Mom pulls son from school after Project Baltimore report
BALTIMORE (WBFF)-- A mother says she has pulled her son out of school, just one day after seeing a recent Project Baltimore report.
That Baltimore City school, NACA II, is now facing an internal investigation for allegations of grade changing and poor conditions reported by Fox45.
“I felt really, really bad as a parent, because I should have believed my child,” says Shanta Witworth.
For the past two years, her 16-year-old son Breodd Holsey attended Northwood Appold Community Academy II, or NACA II, in northeast Baltimore. He kept telling his mom it wasn’t going well.
“In my eighth grade year, I kept telling her, ‘Ma, I ain’t learning nothing. I ain’t learning nothing,’” Breodd says. “But she wouldn’t believe me.”
But that changed after his mother recently watched a series of Project Baltimore reports.
“I watched it, and I just started screaming and I was like, ‘Oh my God, that’s Breodd’s school they are talking about,’” says Witworth. “And I just busted out crying like, my son has been telling me about this school, and I never believed anything he said about this school, and the whole time he was telling the truth.”
“After seeing y’alls story and listening to him,” continued Witworth, “I transferred him, the very next day, actually. The very next day.”
While at NACA II, Breodd says he was bullied, and his life was even threatened.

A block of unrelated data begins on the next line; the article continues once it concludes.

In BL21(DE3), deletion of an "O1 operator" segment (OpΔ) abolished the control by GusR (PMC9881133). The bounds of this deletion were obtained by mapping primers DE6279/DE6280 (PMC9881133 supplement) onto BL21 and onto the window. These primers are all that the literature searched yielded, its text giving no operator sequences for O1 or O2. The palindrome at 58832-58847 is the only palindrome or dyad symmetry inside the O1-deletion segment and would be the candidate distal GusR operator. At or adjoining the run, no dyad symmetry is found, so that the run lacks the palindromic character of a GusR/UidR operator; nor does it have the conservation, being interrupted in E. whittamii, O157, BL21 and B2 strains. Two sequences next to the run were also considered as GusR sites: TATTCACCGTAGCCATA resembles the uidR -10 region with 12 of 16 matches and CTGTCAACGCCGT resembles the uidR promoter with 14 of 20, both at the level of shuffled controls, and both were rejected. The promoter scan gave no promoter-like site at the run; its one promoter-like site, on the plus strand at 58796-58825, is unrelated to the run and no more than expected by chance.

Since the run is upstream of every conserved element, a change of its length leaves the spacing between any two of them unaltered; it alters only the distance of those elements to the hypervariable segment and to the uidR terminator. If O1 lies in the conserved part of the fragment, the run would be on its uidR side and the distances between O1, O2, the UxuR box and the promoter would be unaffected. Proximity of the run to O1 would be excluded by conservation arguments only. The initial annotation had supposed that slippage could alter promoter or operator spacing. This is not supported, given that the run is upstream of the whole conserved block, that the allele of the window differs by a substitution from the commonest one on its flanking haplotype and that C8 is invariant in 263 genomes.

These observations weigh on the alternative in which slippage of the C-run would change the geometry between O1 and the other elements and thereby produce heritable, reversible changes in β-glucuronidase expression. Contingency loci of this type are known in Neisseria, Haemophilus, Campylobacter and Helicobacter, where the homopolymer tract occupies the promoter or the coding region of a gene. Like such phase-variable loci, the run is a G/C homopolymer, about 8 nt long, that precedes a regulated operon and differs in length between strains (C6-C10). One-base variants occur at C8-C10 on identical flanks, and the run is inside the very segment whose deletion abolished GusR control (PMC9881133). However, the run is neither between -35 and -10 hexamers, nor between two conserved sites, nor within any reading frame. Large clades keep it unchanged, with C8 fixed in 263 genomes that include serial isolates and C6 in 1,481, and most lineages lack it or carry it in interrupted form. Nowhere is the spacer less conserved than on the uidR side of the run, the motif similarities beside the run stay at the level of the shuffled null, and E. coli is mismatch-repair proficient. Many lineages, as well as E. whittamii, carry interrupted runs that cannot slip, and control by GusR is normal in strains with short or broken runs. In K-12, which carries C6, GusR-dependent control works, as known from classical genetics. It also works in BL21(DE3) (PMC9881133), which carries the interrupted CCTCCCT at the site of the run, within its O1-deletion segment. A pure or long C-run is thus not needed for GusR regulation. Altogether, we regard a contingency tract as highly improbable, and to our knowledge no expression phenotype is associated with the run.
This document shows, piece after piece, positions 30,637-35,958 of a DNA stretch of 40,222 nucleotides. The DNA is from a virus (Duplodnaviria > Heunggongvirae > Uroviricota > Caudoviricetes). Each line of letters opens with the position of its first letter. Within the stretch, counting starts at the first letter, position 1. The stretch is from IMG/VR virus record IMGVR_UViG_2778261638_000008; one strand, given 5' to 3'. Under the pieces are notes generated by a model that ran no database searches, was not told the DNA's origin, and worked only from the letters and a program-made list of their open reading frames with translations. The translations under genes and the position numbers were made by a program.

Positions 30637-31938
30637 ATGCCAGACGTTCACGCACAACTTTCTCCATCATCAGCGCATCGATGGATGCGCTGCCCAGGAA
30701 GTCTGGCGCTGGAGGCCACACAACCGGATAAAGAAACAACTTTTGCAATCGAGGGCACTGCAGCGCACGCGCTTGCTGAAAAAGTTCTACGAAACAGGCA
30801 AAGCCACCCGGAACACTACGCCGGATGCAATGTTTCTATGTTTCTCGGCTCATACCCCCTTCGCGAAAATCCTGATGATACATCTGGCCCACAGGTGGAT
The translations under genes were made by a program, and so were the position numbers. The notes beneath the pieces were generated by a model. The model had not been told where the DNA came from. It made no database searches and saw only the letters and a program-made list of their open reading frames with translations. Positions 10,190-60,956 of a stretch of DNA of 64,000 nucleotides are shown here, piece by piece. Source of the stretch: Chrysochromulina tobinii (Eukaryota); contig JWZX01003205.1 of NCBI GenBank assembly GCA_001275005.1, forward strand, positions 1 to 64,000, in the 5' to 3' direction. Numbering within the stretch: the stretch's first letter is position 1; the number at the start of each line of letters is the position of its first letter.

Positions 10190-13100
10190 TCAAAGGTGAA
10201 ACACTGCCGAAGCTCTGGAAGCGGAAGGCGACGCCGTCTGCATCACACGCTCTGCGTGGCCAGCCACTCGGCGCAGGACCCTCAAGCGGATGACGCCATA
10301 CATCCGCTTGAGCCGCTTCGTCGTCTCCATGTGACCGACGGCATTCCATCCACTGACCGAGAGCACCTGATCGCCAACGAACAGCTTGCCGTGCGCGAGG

“A kid told him he was going to blow his head off,” Witworth recalled.
And when it came to the classroom, Breodd says he wasn’t being challenged. He says he felt the teachers and administration weren’t meeting his needs. Breodd says he wanted out, and District data show he’s not alone.
Project Baltimore analyzed school surveys for NACA II, which are filled out by students. Based on a scale of 1-100, 100 being the best, city school students are asked to rate their school. At NACA II, 76 percent of students said, if given the option, they would leave the school. That’s nearly twice the District average of 40 percent. Just 20 percent would recommend NACA II to other students, compared to the District average of 60 percent.
“I’m just so glad I was watching TV and I saw it,” says Witworth. “Because I could have not saw it and he would be suffering for another year.”
“I hope they do get shut down,” Breodd says, “But I would feel bad, because all those kids that have been going there for years have to find a new school.”
Last week, Breodd started at his new high school in west Baltimore. He plans to graduate in 2021.
We reached out to the attorneys for NACA II’s principal and operator. Both declined to comment for this story, but in a previous statement to Project Baltimore, both attorneys did deny any allegations of grade changing.